There’s also no income tax levied in the city of Nashville. However, it does have minor taxes on some interest and dividends. This is not a huge rate and is great news for all the working professionals who rely on wages and salaries as a source of income.

When it comes to sales tax though, we are sorry to rain on your parade. The city of Nashville has a high sales tax of 9.6%, which is the highest in the state. This is one tax rate where your savings from the others will face a huge cut.

Expenses In Nashville

When it comes to your utilities and monthly expenses around the house, you would be happy to know that Nashville has a lower cost of living than the national average by a total of 3%. We have broken down your monthly expenses into a few main categories for your further understanding.

Basic utilities consume a big chunk of your monthly expenses as it includes your electricity, garbage, water, cooling, and heating bills. Living in Nashville, you would spend about $175 on an average on your basic utility bills, on a monthly basis. If you also consider your basic internet bill in this category, it will be an additional $75 per month on average, according to Numbeo.com.

Food and groceries are affordable in Nashville, and you get fresh produce in the local grocery store in most parts of the city. In Nashville, a gallon of regular milk costs $1.90 and a loaf of regular bread costs $3.26 according to Payscale.com. You also pay around $1.77 for a carton of eggs.

Healthcare in the city is priced reasonably well when compared to the national average; according to Payscale, healthcare in Nashville costs around 18% less than the national average. A one-time doctor’s visit costs $90.44 on average, while a visit to the dentist costs $77.71, and a visit to the vet costs $54. These are average price ranges and change depending on the neighborhood you live in and the kind of healthcare organization you go to.

Crime Rate In Nashville

Nashville is not exactly the safest city to reside in. With a high crime rate, the city is only safer than 3% of the cities in the country according to Neighborhoodscout. Both violent and property crimes in Nashville are above the national median, and your chance of being a victim of a crime in Nashville is one in 19 residents.

The violent crime rate in Nashville is 11.24 which is almost thrice the national median. And the median property crime in Nashville is 40, which is twice the national median. Cumberland Gardens, Bekartown, and Buena Vista Heights are the neighborhoods with the highest crime rates in Nashville. Ensure you do your research well when going home-hunting so you pick a place that is relatively safe.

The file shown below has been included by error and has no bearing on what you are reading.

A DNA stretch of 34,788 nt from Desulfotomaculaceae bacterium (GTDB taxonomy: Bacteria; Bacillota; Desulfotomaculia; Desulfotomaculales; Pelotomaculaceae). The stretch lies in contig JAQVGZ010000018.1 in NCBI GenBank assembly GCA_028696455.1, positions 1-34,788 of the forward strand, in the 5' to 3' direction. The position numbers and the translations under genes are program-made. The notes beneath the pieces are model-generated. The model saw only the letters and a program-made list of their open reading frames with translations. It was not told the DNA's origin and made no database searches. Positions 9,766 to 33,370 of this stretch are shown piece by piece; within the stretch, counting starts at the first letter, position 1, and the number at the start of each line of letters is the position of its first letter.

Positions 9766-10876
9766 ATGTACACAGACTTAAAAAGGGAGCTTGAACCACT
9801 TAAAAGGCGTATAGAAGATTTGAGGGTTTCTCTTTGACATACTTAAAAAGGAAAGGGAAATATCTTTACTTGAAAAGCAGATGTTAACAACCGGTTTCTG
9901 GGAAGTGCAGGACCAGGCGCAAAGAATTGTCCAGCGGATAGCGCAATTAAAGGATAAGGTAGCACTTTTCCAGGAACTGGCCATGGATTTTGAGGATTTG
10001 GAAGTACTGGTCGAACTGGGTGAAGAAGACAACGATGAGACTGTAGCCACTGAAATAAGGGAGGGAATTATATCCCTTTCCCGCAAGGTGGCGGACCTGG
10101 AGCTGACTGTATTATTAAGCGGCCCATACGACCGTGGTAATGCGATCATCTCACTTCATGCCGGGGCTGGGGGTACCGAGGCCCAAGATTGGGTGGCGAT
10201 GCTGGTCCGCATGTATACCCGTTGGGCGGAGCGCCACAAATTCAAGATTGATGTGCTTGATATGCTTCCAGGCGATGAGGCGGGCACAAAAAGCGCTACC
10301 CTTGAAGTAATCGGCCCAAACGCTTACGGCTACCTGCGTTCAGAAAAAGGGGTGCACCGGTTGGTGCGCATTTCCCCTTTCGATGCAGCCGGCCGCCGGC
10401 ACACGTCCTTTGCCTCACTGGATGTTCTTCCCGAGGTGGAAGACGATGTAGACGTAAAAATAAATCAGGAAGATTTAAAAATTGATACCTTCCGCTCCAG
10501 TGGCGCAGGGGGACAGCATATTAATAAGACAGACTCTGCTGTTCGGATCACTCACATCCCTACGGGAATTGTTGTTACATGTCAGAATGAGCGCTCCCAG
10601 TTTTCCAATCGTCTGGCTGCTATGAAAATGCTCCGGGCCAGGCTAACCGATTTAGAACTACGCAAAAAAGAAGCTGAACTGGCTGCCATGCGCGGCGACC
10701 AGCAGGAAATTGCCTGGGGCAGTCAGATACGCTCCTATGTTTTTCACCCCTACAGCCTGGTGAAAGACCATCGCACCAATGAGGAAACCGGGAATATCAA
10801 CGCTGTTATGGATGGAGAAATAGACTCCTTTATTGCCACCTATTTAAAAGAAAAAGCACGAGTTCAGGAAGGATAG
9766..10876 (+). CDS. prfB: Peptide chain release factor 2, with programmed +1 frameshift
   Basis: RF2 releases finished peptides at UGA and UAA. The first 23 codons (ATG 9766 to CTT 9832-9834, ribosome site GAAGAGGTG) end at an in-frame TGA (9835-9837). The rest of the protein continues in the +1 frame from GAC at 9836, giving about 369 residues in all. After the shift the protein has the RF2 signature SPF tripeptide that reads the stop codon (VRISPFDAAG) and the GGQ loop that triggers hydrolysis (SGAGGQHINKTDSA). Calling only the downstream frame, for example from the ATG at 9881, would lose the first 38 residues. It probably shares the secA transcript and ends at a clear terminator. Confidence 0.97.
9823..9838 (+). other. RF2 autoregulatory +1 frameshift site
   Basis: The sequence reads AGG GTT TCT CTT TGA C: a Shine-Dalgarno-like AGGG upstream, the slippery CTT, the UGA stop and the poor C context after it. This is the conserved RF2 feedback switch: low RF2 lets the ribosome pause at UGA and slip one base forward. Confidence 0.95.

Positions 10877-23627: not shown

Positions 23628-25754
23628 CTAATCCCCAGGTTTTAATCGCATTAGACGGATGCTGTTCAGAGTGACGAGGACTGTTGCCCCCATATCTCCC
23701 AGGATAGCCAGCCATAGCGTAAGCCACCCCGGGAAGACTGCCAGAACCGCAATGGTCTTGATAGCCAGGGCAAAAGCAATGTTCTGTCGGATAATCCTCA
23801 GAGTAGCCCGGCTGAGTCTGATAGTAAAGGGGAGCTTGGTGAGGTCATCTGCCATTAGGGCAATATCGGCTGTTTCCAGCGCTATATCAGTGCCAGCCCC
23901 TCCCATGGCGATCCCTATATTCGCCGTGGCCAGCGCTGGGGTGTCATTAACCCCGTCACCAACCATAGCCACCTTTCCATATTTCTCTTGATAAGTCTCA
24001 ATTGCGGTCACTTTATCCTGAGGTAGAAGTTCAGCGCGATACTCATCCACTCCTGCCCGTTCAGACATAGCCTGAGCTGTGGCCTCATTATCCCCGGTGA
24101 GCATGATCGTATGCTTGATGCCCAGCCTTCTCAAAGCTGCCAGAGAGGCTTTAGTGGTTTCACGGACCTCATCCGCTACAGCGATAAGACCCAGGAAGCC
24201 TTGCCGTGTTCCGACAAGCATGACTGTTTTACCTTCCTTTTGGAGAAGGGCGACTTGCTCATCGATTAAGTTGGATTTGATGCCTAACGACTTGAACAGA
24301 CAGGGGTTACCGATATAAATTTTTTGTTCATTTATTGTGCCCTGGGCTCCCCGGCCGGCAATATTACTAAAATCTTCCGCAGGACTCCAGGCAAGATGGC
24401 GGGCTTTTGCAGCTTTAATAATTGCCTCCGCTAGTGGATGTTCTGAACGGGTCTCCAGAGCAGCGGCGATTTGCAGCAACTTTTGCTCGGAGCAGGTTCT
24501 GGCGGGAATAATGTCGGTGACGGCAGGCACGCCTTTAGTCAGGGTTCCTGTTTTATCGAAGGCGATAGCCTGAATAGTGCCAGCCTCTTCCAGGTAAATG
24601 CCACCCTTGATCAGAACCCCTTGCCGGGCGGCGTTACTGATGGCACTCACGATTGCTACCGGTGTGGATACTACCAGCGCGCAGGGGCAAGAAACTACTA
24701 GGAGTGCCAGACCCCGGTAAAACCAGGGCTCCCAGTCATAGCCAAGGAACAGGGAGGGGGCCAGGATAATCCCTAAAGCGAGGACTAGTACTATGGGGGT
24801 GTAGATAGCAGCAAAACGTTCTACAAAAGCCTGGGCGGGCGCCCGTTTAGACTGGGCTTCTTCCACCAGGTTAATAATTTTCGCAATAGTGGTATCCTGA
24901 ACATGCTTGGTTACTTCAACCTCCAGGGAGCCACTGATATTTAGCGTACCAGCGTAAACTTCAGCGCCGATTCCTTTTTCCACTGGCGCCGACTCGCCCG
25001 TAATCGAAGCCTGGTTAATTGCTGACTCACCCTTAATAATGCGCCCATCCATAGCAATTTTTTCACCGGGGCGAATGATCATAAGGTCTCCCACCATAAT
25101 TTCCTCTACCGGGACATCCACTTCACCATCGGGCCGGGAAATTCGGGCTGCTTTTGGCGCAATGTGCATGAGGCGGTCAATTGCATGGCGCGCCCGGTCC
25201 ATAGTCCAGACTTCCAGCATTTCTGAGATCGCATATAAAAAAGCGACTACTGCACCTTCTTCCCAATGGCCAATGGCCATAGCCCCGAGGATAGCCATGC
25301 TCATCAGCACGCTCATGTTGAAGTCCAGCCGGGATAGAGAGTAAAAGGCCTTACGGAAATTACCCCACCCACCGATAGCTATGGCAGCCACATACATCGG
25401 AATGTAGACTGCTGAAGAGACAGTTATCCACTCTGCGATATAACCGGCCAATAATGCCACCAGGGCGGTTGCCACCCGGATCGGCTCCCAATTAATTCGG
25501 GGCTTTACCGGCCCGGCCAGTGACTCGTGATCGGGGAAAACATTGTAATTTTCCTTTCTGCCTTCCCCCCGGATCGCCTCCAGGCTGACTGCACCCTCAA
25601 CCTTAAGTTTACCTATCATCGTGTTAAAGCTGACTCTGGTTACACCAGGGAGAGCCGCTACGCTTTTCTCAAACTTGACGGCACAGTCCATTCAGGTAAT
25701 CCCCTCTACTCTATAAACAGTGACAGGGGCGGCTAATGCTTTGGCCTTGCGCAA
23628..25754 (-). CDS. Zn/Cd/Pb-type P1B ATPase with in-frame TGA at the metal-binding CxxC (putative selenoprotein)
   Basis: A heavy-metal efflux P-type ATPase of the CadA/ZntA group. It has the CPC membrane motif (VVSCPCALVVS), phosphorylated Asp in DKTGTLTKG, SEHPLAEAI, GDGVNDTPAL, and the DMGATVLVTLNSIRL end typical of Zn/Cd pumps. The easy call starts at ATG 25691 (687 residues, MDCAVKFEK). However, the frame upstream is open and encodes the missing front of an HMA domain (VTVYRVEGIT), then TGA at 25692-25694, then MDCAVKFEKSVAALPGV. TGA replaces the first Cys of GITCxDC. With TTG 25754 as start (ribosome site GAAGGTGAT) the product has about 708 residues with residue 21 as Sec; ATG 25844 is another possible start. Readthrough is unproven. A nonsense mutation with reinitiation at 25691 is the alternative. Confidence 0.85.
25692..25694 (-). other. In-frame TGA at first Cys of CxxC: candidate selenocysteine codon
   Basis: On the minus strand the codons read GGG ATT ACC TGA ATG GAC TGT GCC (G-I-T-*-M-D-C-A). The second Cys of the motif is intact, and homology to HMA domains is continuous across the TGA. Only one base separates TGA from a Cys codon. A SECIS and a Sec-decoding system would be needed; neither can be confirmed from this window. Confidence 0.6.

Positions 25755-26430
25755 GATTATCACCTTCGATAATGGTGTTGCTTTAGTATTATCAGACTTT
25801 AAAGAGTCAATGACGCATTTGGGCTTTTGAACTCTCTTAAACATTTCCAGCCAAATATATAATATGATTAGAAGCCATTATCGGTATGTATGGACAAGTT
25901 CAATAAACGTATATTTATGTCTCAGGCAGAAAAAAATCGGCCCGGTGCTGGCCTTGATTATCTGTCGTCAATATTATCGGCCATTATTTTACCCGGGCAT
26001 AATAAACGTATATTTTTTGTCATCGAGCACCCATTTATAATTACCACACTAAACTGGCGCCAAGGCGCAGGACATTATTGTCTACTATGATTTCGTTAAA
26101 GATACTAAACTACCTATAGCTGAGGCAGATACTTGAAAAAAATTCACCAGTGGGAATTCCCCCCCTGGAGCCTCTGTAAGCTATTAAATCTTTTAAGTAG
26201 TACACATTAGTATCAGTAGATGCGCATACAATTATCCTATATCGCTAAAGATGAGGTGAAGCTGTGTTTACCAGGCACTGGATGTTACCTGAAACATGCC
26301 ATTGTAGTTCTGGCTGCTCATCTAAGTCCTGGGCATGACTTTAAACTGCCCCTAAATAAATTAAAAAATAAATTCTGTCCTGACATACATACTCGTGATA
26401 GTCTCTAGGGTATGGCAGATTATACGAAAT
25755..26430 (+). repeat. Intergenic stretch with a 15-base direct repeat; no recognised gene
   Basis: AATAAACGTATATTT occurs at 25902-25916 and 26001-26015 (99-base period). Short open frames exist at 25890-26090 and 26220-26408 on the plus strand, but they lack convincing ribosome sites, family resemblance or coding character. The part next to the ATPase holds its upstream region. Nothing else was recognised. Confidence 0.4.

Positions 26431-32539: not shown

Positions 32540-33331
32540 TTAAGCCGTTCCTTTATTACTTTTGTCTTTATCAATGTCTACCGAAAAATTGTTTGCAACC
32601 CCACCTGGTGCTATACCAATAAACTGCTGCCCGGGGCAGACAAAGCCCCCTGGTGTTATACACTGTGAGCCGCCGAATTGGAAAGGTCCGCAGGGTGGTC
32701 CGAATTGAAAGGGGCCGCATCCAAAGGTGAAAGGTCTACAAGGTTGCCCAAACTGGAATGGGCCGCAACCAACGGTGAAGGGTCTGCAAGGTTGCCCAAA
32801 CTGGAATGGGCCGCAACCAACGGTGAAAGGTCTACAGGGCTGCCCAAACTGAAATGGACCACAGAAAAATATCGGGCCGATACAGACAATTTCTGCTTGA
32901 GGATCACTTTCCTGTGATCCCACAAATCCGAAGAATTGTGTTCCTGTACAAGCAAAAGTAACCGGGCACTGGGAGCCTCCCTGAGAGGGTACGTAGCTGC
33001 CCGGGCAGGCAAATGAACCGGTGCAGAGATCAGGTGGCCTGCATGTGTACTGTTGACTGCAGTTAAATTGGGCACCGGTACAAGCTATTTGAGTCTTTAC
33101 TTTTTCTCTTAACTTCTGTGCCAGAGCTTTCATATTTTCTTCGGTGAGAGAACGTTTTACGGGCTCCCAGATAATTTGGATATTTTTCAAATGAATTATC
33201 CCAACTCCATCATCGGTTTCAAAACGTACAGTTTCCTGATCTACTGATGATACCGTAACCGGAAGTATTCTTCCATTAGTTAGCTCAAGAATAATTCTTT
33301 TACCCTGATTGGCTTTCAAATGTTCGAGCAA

Economy And Employment Opportunities

The economy of Nashville is one of the fastest-growing economies in the country. Nashville’s economy is definitely among the top 10 in the country according to Businessfacilities.com. Tourism, hospitality, education, health services, manufacturing, and business are the sectors that largely contribute to the economy and employment opportunities in Nashville.

Nashville has an unemployment rate of 2.6% according to the Bureau of Labor Statistics, notably lower than the national average of 3.9%. It has ample job opportunities that enable fresh graduates and skilled professionals to take off or grow in their careers. At $63,500, the average salary of an individual in Nashville is over 2% higher than an average US resident. With this kind of annual average salary, you can live a comfortable life in Nashville.

Some of the employers that generate the largest employment opportunities in Nashville are ServiceSource, Asurion, Saint Thomas Health, Nissan Motor Manufacturing, Tennessee State University, AT&T, Community Health Systems, Randstad, Western Express, and BellSouth.

See Also: What Salary Do You Need to Live in Nashville, Tennessee

Education In Nashville

Just like Nashville is known for a wide range of job opportunities, it also has plenty of educational opportunities for aspiring students. The city has excellent schools, colleges, and universities that provide quality education at primary and higher levels. The diploma and master’s courses in some of the top-rated universities in Nashville have students moving here from across the country.

Listed below are some of the top-rated schools, colleges, and universities according to Greatschools.org.

Schools

  • Valor Flagship Academy
  • STEM Prep Academy
  • Martin Luther King Jr. High School
  • Nashville School of the Arts
  • MNPS virtual School
  • Lead Prep Southeast

Colleges And Universities

  • Daymar College
  • Welch College
  • Nashville State Community College
  • Belmont University
  • Vanderbilt University
  • Fisk University

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Traffic And Transportation In Nashville

The easiest way to get around Nashville is by using the WeGo Public Transit. This is the local bus service in Nashville and is the oldest transportation system in the city that is still running. This service covers around 50 routes across the city that connect the suburbs to the downtown. It is an affordable service that costs $2 for a one-time ride and runs from 5:30 am through the evening. WeGo Transit is consistent with time and covers a large area, definitely your best bet to move around.

Music City Star Train is the other transportation option that you can choose instead of the bus. It crosses a lot of neighborhoods and the neighboring communities while being hassle-free. The train ticket costs $5.25 and reaches you at one of its 7 stops between Lebanon and Riverfront Park in downtown Nashville in a few minutes.

These are the two major transportation systems in Nashville that you can make use of to get around the city. Even with the many attempts of the public transportation system in Nashville, it hasn’t been able to provide efficient services to the public. The population of the city is a bit too much for public transportation to handle and it has been a challenge. If you need to get around the city faster, you’ll need to use your own vehicle.

Places To Visit In Nashville

With so much to do and so much more to see, you can never run out of things to do in Nashville. No list can truly capture it all, but we’ve listed out some of the famous places to visit in Nashville. Drop by when you’re hunting for neighborhoods to truly get a gist of what the city’s all about.